Frank Cascarano’s The Physics Show is one entertaining show that explains the physics behind walking on hot coals and lying on a bed of nails , and lots of other fantastic stuff. Here Frank introduces the topics the show covers this year.
A basketball in a wagon. Such a great way to explain Inertia. And why you should always wear a seatbelt.
More inertia experiments. Like pulling out a tablecloth from under a lit candlestick. Reminds me of board game I loved as a kid called Pull the Rug Out.
I’m sketching quickly here, in the semi-dark auditorium, with my red/blue pencil, Sailor Bent Nib pen and rainbow pencil, trying to capture all the really fun demonstrations as they happen.
We all have theories on how to get ketchup out of a bottle, right? Well, Frank explains what happens and why it works.
We’re talking about Galileo now, and his experiments with pendulums, all of which started when he watched the chandeliers swing back and forth with the breeze at church. I’m guessing it must have been a very long sermon…
On the right, dropping paper and wood, to see which falls to the ground first.
A beautiful demonstration of the “Shoot the Monkey” experiment. Trying to understand it here on wikipedia is hard, but seeing it explains it a way you’ll never forget.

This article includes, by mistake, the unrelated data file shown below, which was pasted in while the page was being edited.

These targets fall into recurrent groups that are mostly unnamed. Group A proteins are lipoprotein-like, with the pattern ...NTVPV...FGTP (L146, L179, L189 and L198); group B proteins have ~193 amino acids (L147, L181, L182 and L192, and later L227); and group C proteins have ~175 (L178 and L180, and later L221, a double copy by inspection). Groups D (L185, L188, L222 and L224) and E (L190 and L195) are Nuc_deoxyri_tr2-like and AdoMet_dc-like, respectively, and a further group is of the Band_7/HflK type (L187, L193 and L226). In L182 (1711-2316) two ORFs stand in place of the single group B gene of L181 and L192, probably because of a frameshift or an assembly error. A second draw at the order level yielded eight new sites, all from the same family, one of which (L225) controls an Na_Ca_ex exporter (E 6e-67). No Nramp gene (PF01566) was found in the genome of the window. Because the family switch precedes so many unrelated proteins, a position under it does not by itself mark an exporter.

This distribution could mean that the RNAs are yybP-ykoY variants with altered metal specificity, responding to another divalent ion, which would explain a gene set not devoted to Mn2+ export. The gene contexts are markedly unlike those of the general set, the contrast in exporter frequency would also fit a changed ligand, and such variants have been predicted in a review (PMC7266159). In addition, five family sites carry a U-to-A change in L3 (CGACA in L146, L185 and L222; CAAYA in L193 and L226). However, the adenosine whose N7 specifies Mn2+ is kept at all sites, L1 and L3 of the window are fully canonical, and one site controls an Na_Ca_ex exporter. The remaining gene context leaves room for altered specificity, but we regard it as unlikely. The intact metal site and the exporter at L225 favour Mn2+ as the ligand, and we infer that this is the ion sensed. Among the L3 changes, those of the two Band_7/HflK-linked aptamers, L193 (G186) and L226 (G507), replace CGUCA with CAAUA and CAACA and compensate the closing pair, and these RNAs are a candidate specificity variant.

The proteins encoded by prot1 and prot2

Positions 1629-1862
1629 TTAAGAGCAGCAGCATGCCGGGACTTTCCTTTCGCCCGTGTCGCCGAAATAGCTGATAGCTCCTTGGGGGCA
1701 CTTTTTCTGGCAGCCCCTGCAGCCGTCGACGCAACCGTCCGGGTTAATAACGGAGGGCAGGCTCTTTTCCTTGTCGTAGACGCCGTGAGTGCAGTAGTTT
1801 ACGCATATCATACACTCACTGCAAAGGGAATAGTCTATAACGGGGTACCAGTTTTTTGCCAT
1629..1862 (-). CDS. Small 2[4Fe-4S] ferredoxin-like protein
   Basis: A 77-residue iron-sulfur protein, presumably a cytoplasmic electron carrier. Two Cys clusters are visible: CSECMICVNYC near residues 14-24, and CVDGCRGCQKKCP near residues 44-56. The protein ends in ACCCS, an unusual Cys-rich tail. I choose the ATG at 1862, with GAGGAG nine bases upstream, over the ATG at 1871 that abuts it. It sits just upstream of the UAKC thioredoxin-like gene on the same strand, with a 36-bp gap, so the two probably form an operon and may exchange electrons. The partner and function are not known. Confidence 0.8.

When I draw people, I always think about what it takes to capture them: With Frank what stands out is how much he uses his hands when he demonstrates and explains things, even when he’s telling you fun facts.
Here’s an experiment everyone loves: fitting lots and lots of balloons into a smallish container of liquid nitrogen. It’s amazing how many you can fit in there!
Saving the best for last. Frank sandwiched between planks of nails with a cinderblock over them. David brings a sledgehammer down, hard, over the whole setup. Did Frank end up injured? Dead?? Pierced by 800+ nails??? You’re just going to go see The Physics Show to find out!
And one last parting sketch of the beautiful apparatus setup to show how pendulums work. And the cleanup crew at the end of the show.
What a great show. All done by a bunch of volunteers for the love of physics. And the $5 ticket price? Guess what they do with it? What an awesome bunch of people!